New York’s Yiddish Theater
An American Story
In the late nineteenth and early twentieth centuries, as millions of Jewish immigrants from Eastern Europe poured into the port of New York, a thriving community of Yiddish-language performing companies and venues sprang up on Manhattan’s Lower East Side. By 1925, Second Avenue, known as the “Yiddish Broadway,” boasted more than a dozen theaters that attracted hundreds of thousands of theatergoers each year.
The Yiddish Book Center was a co-presenter of the exhibit New York's Yiddish Theater: From the Bowery to Broadway, on display at the Museum of the City of New York in 2016. The first major exhibit on New York's Yiddish theater, it recaptured that vibrant world through original artifacts, costumes, photographs, ephemera, and documents, as well as multimedia presentations of film and audio of some of the great performances of the Yiddish stage and its emulators.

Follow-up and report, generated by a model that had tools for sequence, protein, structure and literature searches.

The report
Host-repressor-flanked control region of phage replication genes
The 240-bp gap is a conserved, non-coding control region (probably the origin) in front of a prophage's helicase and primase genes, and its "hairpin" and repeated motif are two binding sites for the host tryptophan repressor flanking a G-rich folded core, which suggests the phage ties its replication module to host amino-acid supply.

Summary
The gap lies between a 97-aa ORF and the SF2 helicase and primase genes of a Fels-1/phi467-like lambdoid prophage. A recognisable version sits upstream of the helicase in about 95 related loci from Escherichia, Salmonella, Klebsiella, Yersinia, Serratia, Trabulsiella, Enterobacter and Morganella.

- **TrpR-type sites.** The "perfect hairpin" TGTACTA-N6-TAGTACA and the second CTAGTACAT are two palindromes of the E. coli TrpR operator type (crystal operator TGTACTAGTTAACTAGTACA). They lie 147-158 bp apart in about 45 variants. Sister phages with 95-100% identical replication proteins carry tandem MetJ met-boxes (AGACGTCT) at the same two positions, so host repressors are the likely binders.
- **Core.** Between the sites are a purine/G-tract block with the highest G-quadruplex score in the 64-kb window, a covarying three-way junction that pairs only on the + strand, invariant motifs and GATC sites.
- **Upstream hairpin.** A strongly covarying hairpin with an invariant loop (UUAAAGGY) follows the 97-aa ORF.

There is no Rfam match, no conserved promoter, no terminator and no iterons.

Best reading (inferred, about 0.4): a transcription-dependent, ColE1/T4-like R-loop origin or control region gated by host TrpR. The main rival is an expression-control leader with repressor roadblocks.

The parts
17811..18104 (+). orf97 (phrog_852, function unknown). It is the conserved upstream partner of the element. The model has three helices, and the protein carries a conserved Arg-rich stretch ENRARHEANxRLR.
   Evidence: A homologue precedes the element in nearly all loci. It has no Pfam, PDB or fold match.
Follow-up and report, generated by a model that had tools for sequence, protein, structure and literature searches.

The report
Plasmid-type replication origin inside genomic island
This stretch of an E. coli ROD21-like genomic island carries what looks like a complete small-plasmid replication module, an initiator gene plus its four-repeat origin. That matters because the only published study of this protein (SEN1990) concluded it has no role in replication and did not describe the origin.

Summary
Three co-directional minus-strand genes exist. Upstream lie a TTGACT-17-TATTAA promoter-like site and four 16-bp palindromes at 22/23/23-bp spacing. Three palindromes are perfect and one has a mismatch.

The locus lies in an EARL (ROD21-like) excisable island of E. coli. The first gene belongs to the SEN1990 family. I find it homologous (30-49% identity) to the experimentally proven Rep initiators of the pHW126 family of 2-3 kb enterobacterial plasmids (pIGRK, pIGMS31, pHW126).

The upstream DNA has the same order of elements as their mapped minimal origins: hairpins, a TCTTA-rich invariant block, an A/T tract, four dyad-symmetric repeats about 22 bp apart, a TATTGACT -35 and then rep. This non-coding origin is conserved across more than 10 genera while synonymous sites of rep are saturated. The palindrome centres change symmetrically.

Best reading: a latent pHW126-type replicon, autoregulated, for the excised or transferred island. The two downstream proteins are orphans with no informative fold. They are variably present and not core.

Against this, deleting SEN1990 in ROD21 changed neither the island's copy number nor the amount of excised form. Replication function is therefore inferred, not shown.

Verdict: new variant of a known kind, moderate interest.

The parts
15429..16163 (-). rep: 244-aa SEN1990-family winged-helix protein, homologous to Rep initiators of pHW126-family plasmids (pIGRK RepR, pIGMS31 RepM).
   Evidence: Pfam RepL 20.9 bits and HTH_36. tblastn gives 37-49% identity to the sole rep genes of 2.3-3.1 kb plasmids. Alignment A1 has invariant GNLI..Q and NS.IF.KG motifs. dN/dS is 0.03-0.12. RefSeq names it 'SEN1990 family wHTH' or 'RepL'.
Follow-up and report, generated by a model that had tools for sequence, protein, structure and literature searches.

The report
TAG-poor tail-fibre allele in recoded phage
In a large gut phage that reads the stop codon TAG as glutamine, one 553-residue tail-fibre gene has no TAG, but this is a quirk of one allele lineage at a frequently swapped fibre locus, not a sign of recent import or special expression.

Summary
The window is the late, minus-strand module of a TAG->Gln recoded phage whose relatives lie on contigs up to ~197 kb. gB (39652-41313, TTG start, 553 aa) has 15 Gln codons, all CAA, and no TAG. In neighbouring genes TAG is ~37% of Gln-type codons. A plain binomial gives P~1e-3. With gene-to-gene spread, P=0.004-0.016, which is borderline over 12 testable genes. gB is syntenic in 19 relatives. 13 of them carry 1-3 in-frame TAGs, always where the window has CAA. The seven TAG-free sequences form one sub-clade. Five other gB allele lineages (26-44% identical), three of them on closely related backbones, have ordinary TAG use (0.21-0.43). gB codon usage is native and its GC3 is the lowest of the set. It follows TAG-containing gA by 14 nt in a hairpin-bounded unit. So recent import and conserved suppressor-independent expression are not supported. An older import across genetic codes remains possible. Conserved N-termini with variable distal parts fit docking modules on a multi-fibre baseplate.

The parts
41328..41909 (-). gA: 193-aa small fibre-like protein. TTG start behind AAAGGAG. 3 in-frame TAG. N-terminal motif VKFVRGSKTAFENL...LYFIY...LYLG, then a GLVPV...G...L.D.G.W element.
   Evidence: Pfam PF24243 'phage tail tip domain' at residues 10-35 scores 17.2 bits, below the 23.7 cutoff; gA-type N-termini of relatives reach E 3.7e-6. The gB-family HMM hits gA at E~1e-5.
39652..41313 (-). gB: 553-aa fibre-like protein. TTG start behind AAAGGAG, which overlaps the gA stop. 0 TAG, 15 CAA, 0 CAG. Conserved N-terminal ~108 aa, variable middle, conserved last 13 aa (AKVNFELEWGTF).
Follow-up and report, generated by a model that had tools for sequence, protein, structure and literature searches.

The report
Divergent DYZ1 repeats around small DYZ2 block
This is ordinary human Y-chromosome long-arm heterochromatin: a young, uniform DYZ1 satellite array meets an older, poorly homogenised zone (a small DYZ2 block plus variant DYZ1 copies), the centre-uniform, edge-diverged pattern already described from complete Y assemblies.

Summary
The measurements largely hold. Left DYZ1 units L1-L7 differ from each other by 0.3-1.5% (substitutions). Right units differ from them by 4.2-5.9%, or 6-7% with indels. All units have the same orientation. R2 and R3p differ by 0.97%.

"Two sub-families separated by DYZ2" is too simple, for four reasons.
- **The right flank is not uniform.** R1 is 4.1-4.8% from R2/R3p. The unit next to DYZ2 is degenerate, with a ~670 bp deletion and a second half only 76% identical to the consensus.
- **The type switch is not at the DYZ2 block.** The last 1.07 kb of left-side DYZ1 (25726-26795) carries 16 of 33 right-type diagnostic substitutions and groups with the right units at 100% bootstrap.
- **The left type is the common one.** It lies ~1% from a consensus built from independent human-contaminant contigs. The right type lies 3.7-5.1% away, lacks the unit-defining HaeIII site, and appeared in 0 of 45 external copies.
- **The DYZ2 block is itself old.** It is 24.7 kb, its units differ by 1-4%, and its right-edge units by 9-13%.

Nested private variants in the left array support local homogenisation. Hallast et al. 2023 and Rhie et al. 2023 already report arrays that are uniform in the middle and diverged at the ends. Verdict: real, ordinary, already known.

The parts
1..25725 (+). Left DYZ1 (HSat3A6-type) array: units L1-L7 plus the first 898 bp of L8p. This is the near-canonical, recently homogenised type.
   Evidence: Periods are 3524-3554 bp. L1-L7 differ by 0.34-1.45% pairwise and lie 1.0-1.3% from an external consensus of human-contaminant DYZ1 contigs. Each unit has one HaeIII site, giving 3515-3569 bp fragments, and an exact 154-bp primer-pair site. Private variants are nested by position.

This story initially ran in Pakn Treger as part of a special issue on Yiddish theater. Other articles from that issue are available here.